Dr. Martin is a family physician and an Assistant Professor at University of Massachusetts Medical School.

Monday, January 26, 2015

Think twice before taking Tamiflu for seasonal influenza

As the Centers for Disease Control and Prevention (CDC) reported that people who received this season's influenza vaccine were only 23 percent less likely to be diagnosed with influenza than unvaccinated persons, CDC director Tom Frieden was publicly urging high-risk patients and their physicians to use antiviral medications to prevent complications and disease transmission:

People who are sick with flu, if they're very sick in the hospital or if they have underlying, chronic medical conditions, like asthma, diabetes, heart disease, women who are pregnant, children under two and people over the age of 65 - all of these people, if they get flu, should get treated with antiviral drugs. The evidence indicates that it will shorten how long you're sick, might keep you out of the hospital and could even save your life. ... There is some evidence that suggests that taking antiviral medications may reduce the risk that you'll spread the disease to others in your family so it may be helpful for others as well as for yourself.

A previous AFP Community Blog post discussed a 2012 Cochrane review which cast doubt on the ability of the neuraminidase inhibitors oseltamivir (Tamiflu) and zanamivir (Relenza) to prevent influenza transmission, noting that after including data from unpublished, industry-sponsored, randomized controlled trials, the difference was not statistically significant.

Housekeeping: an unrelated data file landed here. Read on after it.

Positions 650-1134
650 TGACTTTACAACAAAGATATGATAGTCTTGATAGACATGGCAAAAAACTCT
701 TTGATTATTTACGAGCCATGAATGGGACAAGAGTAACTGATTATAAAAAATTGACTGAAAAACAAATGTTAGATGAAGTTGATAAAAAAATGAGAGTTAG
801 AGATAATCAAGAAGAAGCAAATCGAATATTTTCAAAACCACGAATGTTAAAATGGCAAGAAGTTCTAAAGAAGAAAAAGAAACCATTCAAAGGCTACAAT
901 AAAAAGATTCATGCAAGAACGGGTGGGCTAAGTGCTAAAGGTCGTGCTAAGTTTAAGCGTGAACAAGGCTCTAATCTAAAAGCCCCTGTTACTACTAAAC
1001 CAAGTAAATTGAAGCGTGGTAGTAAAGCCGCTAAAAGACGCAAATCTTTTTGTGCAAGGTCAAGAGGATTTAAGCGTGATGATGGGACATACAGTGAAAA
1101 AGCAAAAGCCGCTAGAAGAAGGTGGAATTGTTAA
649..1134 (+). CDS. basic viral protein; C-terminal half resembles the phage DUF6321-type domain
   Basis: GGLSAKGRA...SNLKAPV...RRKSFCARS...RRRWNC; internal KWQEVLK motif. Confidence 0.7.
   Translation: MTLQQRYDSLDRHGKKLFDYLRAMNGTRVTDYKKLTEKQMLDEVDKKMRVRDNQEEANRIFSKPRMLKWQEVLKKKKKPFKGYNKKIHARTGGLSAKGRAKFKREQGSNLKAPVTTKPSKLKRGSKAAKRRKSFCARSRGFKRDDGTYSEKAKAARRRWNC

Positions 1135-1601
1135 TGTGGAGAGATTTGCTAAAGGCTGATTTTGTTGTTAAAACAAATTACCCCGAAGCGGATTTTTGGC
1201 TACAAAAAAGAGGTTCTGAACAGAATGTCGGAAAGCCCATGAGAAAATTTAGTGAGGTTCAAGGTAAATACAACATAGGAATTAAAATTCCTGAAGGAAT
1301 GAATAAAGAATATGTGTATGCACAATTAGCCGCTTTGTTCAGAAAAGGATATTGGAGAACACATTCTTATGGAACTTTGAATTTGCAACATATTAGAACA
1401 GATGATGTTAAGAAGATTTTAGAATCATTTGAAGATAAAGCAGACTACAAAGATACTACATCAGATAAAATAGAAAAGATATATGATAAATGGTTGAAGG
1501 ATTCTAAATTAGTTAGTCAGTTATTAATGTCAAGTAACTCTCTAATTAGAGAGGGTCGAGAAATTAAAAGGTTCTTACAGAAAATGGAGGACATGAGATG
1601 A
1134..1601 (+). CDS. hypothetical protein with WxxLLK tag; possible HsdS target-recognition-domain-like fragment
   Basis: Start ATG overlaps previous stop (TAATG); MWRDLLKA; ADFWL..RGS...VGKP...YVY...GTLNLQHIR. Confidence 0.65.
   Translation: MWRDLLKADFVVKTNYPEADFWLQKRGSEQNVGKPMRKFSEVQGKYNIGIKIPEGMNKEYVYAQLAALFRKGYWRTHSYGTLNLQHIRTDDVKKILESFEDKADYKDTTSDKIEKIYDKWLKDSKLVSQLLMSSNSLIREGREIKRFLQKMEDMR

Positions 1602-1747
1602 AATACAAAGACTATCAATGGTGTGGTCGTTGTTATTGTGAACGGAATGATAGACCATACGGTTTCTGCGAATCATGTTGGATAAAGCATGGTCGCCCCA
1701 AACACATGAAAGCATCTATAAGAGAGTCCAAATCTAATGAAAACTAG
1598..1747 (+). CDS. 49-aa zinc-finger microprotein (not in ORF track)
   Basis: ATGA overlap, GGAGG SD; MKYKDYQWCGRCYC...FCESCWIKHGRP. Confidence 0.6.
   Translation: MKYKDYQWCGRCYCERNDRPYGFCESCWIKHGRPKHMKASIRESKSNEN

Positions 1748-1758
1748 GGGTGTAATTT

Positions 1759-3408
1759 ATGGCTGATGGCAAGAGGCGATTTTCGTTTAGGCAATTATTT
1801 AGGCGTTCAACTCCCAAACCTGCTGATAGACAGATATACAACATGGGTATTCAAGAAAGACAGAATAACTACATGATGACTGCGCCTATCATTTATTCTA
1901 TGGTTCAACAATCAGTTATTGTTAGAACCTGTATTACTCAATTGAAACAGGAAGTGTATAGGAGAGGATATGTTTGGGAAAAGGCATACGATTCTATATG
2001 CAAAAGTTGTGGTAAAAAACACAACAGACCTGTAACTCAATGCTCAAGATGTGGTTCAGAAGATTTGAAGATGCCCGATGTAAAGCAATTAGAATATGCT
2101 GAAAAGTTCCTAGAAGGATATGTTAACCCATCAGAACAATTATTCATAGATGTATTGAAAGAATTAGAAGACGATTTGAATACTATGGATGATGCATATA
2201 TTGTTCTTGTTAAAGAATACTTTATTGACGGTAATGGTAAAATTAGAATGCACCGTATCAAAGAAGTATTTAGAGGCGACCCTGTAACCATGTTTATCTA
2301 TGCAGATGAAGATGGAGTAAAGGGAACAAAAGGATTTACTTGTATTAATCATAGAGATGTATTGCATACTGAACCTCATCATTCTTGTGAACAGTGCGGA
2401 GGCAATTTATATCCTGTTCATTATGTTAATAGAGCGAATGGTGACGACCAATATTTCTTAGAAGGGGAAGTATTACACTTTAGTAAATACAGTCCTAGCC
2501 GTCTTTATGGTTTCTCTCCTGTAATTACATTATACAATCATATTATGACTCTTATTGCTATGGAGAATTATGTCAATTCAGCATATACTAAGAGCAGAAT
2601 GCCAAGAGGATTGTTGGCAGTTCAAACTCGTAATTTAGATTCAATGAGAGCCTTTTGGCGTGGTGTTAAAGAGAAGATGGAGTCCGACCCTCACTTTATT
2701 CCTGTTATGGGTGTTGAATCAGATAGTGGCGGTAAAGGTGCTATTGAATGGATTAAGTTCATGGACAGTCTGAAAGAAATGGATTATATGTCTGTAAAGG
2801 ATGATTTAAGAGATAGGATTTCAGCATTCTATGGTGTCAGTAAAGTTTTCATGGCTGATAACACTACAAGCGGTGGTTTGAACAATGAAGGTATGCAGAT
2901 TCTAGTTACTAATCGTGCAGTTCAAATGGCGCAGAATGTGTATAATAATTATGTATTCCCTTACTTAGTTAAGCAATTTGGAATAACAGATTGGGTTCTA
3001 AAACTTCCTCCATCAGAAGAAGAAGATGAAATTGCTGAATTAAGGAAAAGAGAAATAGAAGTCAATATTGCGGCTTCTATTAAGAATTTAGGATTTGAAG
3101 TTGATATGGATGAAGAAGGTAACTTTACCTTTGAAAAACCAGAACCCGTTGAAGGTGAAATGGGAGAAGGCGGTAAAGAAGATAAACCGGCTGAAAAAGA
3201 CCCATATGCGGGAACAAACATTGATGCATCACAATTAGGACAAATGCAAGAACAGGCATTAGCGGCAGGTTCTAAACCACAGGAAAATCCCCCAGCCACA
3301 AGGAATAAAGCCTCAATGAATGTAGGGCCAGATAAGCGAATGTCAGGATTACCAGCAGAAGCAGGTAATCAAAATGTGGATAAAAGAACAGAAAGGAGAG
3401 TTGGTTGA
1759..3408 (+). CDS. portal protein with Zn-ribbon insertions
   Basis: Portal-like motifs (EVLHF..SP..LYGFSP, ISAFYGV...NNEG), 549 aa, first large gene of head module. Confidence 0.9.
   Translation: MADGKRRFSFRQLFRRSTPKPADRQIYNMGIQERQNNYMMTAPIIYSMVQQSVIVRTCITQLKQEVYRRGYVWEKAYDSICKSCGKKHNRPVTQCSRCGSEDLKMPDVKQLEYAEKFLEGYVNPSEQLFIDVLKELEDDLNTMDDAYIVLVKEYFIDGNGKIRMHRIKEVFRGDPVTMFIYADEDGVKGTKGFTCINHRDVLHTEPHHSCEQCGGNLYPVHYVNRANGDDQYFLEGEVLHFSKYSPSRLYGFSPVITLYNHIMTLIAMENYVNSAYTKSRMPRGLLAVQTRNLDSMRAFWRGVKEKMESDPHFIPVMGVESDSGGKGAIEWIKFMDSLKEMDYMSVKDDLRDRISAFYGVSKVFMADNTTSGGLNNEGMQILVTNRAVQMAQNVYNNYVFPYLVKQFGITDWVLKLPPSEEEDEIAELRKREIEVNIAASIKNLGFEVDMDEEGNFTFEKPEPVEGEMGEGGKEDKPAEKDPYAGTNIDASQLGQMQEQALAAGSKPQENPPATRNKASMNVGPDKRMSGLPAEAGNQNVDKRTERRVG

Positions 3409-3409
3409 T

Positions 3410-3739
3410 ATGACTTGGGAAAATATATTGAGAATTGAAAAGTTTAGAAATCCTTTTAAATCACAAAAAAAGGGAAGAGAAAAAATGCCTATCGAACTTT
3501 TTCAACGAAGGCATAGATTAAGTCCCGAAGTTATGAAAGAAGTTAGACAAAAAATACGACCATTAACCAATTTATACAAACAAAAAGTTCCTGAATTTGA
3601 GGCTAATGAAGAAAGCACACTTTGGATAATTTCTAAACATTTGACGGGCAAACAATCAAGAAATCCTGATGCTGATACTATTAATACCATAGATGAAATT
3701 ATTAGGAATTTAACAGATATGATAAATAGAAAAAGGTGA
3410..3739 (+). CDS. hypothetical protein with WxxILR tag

Also in that year, a meta-analysis by Dr. Mark Ebell and colleagues concluded: "There is no evidence that oseltamivir reduces the likelihood of hospitalization, pneumonia or the combined outcome of pneumonia, otitis media and sinusitis." The authors noted that two large unpublished trials of oseltamivir in older persons and persons with chronic disease did not even show that the drug reduced the duration of symptoms, suggesting that oseltamivir might be less effective at treating influenza in high-risk groups.

In 2014, after gaining access to the complete clinical study reports from the manufacturers, the Cochrane Collaboration updated its previous review and drew the following conclusions: "Oseltamivir and zanamivir have small, non-specific effects on reducing the time to alleviation of influenza symptoms in adults, but not in asthmatic children." Taking either of the drugs did not reduce hospitalizations or serious complications, but did increase risk of nausea, headaches, and psychiatric symptoms. The CDC responded that their recommendations for antiviral medications "remained unchanged," arguing that observational studies not considered in the Cochrane review supported prescribing neuraminidase inhibitors for high-risk patients with influenza. They provided no rationale for dismissing the results of the randomized trials.